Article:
Monday, February 11, 2019

Monday, February 11, 2019 10:24 am by Cristina in , ,    No comments
The Age (Australia) gives 3.5 stars to the Sydney production of The Moors.
Time and place are absurd abstractions in Silverman's​ world, and logic an extraneous luxury. Yet, like looking at a trompe l'oeil​ surrealist painting, themes of love and loneliness take shape and dance before your eyes.
Emilie​, the newly hired governess (Brielle​ Flynn), arrives at a house that is probably on the Yorkshire Moors (or might not be) with a reasonably firm grip on reality, only to find her fingers rapidly slipping. Nothing, you see, is quite as it seems. Agatha (Romy​ Bartz​), the stern older sister of the diary-keeping Huldey​ (Enya​ Daly), has fraudulently hired Emilie​ by masquerading via letter as the sisters' brother, Branwell​ (the name of the Brontës' brother), who, is a bricked-in prisoner in the attic.
Kate Gaul's production and design (for Siren Theatre Co) astutely uses a slow-motion revolve to let us scrutinise moments of intra-scene stasis from different angles. In conjunction with Nate​ Edmondson's music she has maximised the inherent Gothic melodrama – in fact, perhaps too much too soon. The theatricality fizzes​ so vigorously in the text, itself, that the delivery could actually be underplayed. The key to non-naturalistic acting, after all, is not to add a side-order of ham to the theatrical feast, but to bare the truth that lies within this new reality.
Diana Popovska​ does this in portraying the maid (who, in a typically Silvermaniac​ flourish, is called Marjory in the parlour; Mallory in the scullery). As a direct result Popovska​ also maximises the humour of a play that is funnier than this production currently allows it to be. Bartz's​ Agatha is less austere than might have been expected, and therefore subsequent revelations come as less of a jolt. Nonetheless she, too, is expert at milking the zaniness, while maintaining a truthful core to her character.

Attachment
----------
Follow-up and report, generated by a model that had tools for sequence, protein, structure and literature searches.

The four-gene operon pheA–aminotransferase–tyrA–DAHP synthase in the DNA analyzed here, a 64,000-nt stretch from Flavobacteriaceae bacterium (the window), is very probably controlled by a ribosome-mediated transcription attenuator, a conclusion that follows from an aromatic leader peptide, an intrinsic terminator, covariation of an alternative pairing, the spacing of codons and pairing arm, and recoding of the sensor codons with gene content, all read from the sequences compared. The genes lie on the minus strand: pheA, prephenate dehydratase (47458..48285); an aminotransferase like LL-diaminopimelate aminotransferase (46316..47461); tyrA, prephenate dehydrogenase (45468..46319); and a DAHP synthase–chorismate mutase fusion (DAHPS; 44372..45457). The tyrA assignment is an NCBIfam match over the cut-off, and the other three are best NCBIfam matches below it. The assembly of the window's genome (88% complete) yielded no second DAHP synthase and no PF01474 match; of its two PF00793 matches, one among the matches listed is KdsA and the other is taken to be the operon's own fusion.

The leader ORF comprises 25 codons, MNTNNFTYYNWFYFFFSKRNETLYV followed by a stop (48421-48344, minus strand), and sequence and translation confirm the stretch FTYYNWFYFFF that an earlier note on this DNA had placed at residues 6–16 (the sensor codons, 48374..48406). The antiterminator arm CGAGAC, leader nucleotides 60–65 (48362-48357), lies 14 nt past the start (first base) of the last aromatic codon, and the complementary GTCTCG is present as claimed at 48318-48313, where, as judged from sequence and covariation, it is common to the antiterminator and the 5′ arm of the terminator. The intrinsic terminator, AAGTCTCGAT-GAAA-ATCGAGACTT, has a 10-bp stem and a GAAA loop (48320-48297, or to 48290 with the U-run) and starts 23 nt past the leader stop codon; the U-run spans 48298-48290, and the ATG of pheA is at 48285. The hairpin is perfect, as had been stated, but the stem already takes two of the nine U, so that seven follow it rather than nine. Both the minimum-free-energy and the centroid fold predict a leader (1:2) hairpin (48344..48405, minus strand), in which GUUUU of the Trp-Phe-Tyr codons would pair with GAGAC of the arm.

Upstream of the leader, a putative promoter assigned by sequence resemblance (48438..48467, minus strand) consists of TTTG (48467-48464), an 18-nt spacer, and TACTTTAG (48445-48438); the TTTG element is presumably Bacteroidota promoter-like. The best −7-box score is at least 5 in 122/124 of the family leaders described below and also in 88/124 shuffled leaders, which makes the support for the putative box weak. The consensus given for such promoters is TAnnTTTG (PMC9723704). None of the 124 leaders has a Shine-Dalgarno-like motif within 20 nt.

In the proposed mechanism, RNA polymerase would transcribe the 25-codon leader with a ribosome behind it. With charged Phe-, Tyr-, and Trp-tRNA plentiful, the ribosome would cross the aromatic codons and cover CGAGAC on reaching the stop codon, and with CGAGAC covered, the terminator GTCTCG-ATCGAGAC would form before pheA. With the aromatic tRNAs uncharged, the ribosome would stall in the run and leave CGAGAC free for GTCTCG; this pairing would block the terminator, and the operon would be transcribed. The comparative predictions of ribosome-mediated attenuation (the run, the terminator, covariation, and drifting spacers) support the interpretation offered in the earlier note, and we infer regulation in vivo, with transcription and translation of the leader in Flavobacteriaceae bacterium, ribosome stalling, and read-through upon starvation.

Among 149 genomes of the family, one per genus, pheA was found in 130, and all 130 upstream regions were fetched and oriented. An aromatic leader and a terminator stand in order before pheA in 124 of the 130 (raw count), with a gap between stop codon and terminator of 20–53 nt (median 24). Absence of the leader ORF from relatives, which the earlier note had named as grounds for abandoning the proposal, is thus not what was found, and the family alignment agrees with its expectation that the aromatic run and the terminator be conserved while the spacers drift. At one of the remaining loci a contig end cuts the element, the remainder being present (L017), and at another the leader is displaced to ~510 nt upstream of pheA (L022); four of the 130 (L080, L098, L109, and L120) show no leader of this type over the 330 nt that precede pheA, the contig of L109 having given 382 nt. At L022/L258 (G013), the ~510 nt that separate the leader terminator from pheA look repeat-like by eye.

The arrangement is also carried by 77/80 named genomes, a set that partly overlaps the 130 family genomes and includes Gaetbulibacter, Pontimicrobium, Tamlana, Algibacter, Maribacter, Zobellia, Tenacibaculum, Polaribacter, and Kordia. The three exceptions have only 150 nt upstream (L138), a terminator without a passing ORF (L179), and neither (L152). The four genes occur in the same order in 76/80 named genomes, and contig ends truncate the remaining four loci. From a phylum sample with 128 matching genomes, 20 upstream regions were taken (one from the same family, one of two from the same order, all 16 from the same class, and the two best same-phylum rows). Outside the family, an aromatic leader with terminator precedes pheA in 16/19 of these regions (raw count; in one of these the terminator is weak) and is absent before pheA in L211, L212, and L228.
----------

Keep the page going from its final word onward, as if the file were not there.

The animals obviously occupy yet another parallel reality, and if one suspects still more could be made of the moorhen, Francis is charming in depicting the poor bird's dull-brained naivety. Campbell's philosophical mastiff may have benefited from a deeper-pitched voice as he pursues his improbable love affair and its dark, unfortunate consequences. Daly could earn more of Huldey's​ latent laughs by pulling back early on, but she comes into her own when spearing towards lunacy. Flynn has further to go to mine the truth of Emilie​. She already has something of the requisite vivacity, and now faces the snag of how to play "normal" in a mad, mad world. If these performances settle during the season, audiences will relish Silverman's​ quixotic imagination – whether Brontë aficionado or not. (John Shand)
Williamsburg Yorktown Daily suggests places 'to spark first-date romance in Williamsburg'.
Nearby Mermaid Books also has first-date potential, with its quirky decor. There are comic strips taped to the walls and mermaid paintings on stools and above bookshelves. Plus, the scent of books — and being surrounded by literary romances from “Pride and Prejudice” to “Wuthering Heights” — could create an intimate mood. (Alexa Doiron)
AnneBrontë.org has a post on the background of Charlotte and Emily's journey to Brussels.

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